The report comes as the government, which has barred entry to foreigners from 111 countries and regions, discusses loosening restrictions on travel with New Zealand and Vietnam.
NYC Records Zero Confirmed Deaths as It Moves to Reopen (9:53 a.m. HK)
New York City’s health department produced data Thursday that showed no deaths of virus-carriers the previous day, giving officials cause to cautiously celebrate. Three deaths probably attributable to Covid-19 occurred in untested patients, the department reported. It was a far cry from a week in mid-April when the city recorded about 700 deaths a day.
“In the face of extraordinary challenges, New Yorkers have gone above and beyond to keep each other safe throughout the crisis,” said mayoral spokeswoman Avery Cohen. “With hope on the horizon, we will continue to do everything we can to reopen safely without losing sight of the progress we’ve made.”
CSL to Develop Queensland University Vaccine Candidate (9:49 a.m. HK)
CSL Ltd., Australia’s largest drugmaker, and partners agreed to develop an experimental Covid-19 vaccine from the University of Queensland that could be available in 2021 if clinical trials are successful.
The university, Melbourne-based CSL and the Coalition for Epidemic Preparedness Innovations will work together to accelerate the development, manufacture and distribution of the experimental immunization. The vaccine is slated to enter early-stage patient studies next month.
Brazil Surpasses Italy in Coronavirus Deaths (9:15 a.m. HK)
Brazil reported a record number of daily coronavirus deaths, surpassing Italy to become third in the world in number of fatalities from the disease.
The country reported 1,473 fatalities on Thursday, bringing the death toll to 34,021, trailing only the U.S. and the U.K. The Health Ministry also said it recorded 30,925 new cases in the last 24 hours, pushing the country’s total to 614,941, behind only the U.S.
The nation of 210 million people has become an epicenter of the virus. The region now accounts for about 40% of the world’s daily virus deaths. While the pandemic has eased in some countries, the virus continues to spread, adding about 100,000 cases a day as hot spots emerge across Latin America and India.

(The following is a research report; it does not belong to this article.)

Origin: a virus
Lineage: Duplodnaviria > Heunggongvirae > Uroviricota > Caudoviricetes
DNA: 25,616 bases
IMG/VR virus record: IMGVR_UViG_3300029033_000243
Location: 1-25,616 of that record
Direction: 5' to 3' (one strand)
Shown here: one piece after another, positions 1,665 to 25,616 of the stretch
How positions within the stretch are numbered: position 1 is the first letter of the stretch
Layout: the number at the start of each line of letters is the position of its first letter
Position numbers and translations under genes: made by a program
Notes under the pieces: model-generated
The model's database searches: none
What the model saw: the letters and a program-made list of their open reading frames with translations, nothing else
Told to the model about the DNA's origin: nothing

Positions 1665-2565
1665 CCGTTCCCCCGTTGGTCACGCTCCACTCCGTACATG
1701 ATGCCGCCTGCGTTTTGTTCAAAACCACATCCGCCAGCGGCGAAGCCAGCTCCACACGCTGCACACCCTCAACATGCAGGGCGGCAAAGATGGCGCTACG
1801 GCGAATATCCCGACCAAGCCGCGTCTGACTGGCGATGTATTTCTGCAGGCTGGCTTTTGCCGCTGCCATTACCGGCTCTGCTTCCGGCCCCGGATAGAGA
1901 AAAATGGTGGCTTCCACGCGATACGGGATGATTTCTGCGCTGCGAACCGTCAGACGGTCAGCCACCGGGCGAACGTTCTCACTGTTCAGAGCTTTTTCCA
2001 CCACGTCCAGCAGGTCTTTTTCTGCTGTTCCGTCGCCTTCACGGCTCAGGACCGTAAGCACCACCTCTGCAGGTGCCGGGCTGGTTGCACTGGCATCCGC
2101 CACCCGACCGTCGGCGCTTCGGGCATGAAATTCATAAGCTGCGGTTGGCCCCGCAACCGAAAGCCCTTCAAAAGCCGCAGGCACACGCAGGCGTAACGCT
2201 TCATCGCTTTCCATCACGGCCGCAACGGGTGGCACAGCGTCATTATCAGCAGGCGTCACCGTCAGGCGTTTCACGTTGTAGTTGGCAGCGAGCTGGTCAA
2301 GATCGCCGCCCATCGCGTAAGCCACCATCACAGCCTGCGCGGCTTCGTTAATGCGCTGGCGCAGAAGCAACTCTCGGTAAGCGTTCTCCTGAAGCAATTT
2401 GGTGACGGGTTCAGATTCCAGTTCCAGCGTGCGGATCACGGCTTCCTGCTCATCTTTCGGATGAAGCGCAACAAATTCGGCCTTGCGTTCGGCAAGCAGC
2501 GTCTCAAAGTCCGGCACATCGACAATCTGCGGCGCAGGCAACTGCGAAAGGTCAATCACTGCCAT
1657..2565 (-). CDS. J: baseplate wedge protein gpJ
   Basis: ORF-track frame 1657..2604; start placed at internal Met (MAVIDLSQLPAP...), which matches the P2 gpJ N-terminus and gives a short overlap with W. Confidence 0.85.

United, American to Add Flights (7:10 a.m. HK)
United Airlines Holdings Inc. plans to reinstate flights at more than 150 U.S. and Canadian destinations in July while setting a more cautious expansion than American Airlines Group Inc.
Domestic capacity will be about 30% of last year’s level, United said Thursday. While that’s a significant increase over June, it lags American’s July goal of flying 55% of last year’s U.S. schedule. The busiest days next month will have about 4,000 flights, up from 2,300 in June, said Vasu Raja, American’s senior vice president of network strategy.
Airlines are trying to gauge the demand recovery after the worst crisis in industry history, with the pandemic bringing travel to a virtual standstill.
U.S. Airlines Balk at China Limits (6:40 a.m. HK)
U.S. airlines objected to China’s plan to ease its ban on foreign carriers starting June 8 — a change of course that came a day after the Trump administration issued its own limit on Chinese flights.
The trade group Airlines for America said more is needed than one passenger flight to China a week, as announced by the China’s Civil Aviation Administration. The CAAC didn’t name any countries or carriers, but the move opens up a chance for U.S. airlines to return for the first time in four months.
France Targets Young Amid Shutdowns (6:15 a.m. HK)
France will add incentives for apprenticeships and help businesses that keep staff on payroll during an economic downturn to prevent losing a generation to long-term unemployment triggered by the coronavirus.
The move will cost around 1 billion euros ($1.1 billion), an official in President Emmanuel Macron’s office said. The government will also expand the financing of a system that lets struggling companies furlough workers if they reach an agreement with unions to adjust working hours and conditions over the long-term.
Young people are a particular concern, with the government estimating 15% of those in professional training dropped out during the shutdown to contain the virus.
Ford Delays Reopening (6:05 a.m. HK)
Ford Motor Co. delayed plans to have salaried employees return to offices as union leaders question whether the automaker is doing enough to protect hourly workers who are back on the factory floor.